A new survey of agency- and corporate-side communicators about PR budget forecasts for 2013 reveals they are generally optimistic about their roles in the coming year. Almost 72% of client-side practitioners — those who work in a corporate PR or communications department — believe budgets will stay the same or increase compared with 2012, and more than 30% actually believe they will increase. PR practitioners who work in agencies assess 2013 budgets in similarly positive numbers.
The two areas that seem poised for the greatest growth in the PR budget in 2013 are Social Media PR and Video Production — more than 45% of client-side practitioners report that social media spending will increase, and 36% report they expect video expenditures to increase. Agency practitioners are even more hopeful about social media expenditures, with 65% reporting an expected increase.
Good news for practitioners on both sides of the aisle: Most agency and in-house practitioners believe firmly that salaries for staff and executives will be increasing in 2013. Almost 34% believe staff salaries will be increasing at least a bit, and more than 25% believe executive salaries will increase. Conversely, only about 9% of agency and client practitioners believe they'll see executive salaries decrease and fewer than 11% believe that staff salaries will decrease.
When asked which factors would have the greatest impact on their budget alignment in 2013, client-side practitioners ranked 1) the company’s financial condition, 2) management opinion about the usefulness of communications, 3) the state of the economy and 4) results of current communications efforts. While most practitioners would likely agree that their efforts will not have a significant impact on the state of the economy or even their company’s overall financial condition, they would probably agree that they have hands-on control over management’s opinion of the usefulness of the organization’s communications efforts and results of current communications efforts.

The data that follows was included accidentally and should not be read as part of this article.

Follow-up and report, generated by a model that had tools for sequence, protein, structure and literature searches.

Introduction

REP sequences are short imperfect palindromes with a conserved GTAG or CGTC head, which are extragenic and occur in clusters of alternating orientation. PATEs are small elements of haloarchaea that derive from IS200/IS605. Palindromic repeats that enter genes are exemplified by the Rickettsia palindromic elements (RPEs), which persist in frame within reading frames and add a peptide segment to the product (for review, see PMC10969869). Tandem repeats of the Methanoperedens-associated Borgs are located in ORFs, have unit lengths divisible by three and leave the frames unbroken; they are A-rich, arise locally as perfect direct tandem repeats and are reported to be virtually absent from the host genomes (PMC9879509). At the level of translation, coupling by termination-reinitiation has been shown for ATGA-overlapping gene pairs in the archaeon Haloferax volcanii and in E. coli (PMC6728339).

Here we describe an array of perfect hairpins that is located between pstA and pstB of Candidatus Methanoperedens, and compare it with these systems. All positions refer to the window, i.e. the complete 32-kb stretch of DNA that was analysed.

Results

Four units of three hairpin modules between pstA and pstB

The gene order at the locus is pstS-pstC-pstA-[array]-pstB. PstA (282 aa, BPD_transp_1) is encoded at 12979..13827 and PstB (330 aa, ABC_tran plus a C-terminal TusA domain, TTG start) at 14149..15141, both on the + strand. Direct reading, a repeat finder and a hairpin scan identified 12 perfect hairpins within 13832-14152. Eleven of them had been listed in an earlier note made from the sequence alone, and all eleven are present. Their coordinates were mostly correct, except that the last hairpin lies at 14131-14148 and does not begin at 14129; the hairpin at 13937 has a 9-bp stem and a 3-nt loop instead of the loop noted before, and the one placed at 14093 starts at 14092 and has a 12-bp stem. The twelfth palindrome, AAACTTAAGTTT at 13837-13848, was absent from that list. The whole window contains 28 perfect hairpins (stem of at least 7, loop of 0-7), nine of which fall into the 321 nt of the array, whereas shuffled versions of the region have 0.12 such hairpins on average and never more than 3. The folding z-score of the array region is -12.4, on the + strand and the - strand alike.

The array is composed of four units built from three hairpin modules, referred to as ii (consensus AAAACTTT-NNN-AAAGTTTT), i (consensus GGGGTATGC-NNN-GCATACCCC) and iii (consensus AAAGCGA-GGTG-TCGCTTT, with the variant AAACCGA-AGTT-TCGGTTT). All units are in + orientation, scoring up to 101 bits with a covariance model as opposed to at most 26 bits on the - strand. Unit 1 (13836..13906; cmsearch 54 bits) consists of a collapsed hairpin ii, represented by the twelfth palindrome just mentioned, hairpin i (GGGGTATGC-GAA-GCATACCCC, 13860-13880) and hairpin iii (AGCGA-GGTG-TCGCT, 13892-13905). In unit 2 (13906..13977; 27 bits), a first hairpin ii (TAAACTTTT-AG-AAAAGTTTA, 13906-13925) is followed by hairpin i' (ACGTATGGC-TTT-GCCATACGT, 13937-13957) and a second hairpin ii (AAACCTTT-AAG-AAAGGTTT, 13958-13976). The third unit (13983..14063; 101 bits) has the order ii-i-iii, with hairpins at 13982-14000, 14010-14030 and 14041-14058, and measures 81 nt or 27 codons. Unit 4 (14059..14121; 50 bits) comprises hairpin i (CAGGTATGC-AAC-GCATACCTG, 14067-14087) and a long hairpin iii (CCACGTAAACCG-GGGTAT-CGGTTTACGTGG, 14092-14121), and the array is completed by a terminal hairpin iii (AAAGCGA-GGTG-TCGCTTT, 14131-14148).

Note: Respondents ranked each factor from no impact to high impact, so multiple combinations were possible
The key, of course, to influencing both variables would seem to be a rigorous, disciplined monitoring and measurement regime. Encouragingly, almost 25% of agency- and client-side practitioners reported an increase in budget for Monitoring and Measurement Software, with fewer than 20% reporting expected lower budgets.
More Survey Highlights:
- Conference/Events Falling in Importance. Meanwhile, 42% of in-house pros and 34% of agency staffers said that conference/event travel will get less PR-budget allocation next year than in 2012.
- Professional Development Needs Attention. In a sign that the industry is holding the line at the expense of talent and retention, 33% of in-house pros and a full 44% of agency staffers said that professional development will get less budget.
How much professional time do communicators expect to spend on various PR duties next year in comparison with 2012? Daily 'Dog will feature Part 2 of this Bulldog Reporter survey analysis shortly.
Bulldog Reporter's Budget and Trends survey of 585 PR and communications professionals was conducted via Survey Monkey during August and September, 2012. For the budgeting part of the survey, 198 in-house practitioners and 185 agency pros participated.